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Our authentication system is lacking.
Is improvement possible?
By WiLLiam cheSWick
there is aN authentication plague upon the land.
We have to claim and assert our identity repeatedly
to a host of authentication trolls, each jealously
guarding an Internet service of some sort. Each troll
has specific rules for passwords, and the rules vary
widely and incomprehensibly.
Password length requirements vary: Dartmouth
wants exactly eight characters; my broker, six to eight;
Wells Fargo, eight or more. Special characters are
often encouraged or required, but some characters
are too special: many disallow spaces, single or
double quotes, underlines, or hyphens. Some systems
disallow certain characters at the beginning of the
password; dictionary checks abound, including
foreign language dictionaries.
Sure, brokerage, bank, and medical sites need
to protect accounts from unauthorized use. So do
shopping sites such as Amazon. An email account
might be just as important: ask Sarah Palin.
The value of an account can change over time:
perhaps a new online store is added to a previously
Authentication may be more important to the service provider than to
the client: do I care if someone gains
access to my newspaper account?
am supposed to care, but I do not.) In
this case, the newspaper’s very requirement of a password is a nuisance, and
the password-“strengthening” rules
just increase my annoyance. The marketplace does work here: studies show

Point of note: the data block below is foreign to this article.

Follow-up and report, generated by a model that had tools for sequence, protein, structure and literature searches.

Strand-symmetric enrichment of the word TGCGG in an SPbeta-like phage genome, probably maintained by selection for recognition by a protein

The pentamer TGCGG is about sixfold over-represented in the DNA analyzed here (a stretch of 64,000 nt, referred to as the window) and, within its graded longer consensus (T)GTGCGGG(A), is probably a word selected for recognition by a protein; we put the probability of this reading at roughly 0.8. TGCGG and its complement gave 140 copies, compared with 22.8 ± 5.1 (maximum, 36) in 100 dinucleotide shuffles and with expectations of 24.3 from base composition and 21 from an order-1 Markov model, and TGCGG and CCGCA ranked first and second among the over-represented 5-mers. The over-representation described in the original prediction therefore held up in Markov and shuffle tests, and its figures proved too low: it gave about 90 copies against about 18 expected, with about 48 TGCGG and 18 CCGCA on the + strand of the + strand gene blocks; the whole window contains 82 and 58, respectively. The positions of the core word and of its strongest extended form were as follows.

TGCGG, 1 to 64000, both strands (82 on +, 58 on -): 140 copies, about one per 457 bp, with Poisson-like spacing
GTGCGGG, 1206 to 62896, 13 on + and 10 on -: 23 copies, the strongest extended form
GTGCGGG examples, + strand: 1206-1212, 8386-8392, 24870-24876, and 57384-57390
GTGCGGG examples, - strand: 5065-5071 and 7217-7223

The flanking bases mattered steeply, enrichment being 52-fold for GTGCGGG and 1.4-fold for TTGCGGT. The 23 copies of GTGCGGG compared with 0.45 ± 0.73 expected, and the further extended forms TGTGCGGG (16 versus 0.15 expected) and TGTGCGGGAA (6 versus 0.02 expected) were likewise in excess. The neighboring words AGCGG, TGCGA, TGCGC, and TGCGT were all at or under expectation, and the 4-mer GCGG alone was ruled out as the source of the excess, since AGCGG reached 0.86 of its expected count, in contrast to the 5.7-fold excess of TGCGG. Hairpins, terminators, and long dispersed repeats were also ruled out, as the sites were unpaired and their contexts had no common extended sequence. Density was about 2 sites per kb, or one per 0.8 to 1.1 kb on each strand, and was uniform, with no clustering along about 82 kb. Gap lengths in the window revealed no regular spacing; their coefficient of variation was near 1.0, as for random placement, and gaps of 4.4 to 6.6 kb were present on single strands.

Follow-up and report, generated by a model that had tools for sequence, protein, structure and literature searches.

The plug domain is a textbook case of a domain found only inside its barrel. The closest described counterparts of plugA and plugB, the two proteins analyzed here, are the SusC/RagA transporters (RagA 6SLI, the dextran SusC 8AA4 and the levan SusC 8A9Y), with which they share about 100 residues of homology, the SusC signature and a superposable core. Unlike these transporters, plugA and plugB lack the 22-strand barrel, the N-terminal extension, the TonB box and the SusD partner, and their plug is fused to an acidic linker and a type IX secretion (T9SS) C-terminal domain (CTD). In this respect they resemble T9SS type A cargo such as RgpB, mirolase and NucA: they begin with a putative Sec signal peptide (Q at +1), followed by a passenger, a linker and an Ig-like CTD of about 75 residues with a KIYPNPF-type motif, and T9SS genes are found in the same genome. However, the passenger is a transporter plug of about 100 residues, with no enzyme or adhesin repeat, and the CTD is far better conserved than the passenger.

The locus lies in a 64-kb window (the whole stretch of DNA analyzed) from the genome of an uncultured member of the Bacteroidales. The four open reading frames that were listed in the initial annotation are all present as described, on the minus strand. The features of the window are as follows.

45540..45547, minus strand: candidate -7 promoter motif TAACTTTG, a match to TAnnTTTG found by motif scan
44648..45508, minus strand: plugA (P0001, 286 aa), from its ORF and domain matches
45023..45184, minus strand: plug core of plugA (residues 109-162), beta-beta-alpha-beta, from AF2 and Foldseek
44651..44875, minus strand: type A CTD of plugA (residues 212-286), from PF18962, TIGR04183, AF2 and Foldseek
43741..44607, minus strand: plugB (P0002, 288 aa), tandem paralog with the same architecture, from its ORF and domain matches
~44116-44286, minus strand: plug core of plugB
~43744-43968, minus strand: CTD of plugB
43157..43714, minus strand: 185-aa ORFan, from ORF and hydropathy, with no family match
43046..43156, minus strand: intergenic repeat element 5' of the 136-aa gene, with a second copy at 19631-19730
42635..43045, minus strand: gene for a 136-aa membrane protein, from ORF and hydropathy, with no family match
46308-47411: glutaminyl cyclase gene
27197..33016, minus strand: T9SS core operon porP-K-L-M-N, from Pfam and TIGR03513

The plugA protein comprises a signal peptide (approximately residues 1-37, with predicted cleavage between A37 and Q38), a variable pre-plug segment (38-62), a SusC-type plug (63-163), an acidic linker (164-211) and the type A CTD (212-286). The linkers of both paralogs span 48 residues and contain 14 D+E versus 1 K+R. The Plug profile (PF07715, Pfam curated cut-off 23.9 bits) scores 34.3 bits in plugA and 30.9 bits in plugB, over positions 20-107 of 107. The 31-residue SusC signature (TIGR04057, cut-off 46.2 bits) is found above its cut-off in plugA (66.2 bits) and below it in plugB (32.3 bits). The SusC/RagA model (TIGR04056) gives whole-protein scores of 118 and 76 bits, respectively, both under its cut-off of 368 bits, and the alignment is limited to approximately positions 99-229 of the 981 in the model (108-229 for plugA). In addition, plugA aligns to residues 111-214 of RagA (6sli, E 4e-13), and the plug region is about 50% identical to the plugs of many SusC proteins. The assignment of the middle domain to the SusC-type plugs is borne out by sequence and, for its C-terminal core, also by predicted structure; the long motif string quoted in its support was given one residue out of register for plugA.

that competitive pressure tends to
force sites toward simpler passwords. 4
Not only do these authentication
rules vary widely, the rules themselves
are often considered to be part of the
security secret and not available at
login time, when a hint about the rules
would be helpful. I call these
eye-of-newt password rules: they remind me
of the formulae for magic potions from
Shakespeare. They are often particular,
exacting, and sometimes difficult to
satisfy. Can you think of a long pass-phrase that does not repeat any character more than four times?
The problem is emergent: if we
had only one account, authentication would be much easier. But an
active Internet user can have one- or
two dozen accounts, some important, some not. These authentication
trolls bother most online users, and it
is easy to elicit a litany of complaints
from casual users.
Many of today’s rules are rooted
in the deep past of security concerns,
when access, threats, and targets were
different. Many of these ideas were
presented in the Password Management Guideline, (Technical Report
CSC-STD-002-85), published by the
Department of Defense Computer
Security Center (DoD CSC) in 1985.2
Known as the Green Book, this report was one of the Rainbow Series of
books put out by the U.S. government
in the 1980s and 1990s. Its advice was
good at the time, and much of it still
holds up, but many of our password
aphorisms come from dated assumptions about threats and technology.
This is not a criticism of the original
authors or their document: no sensible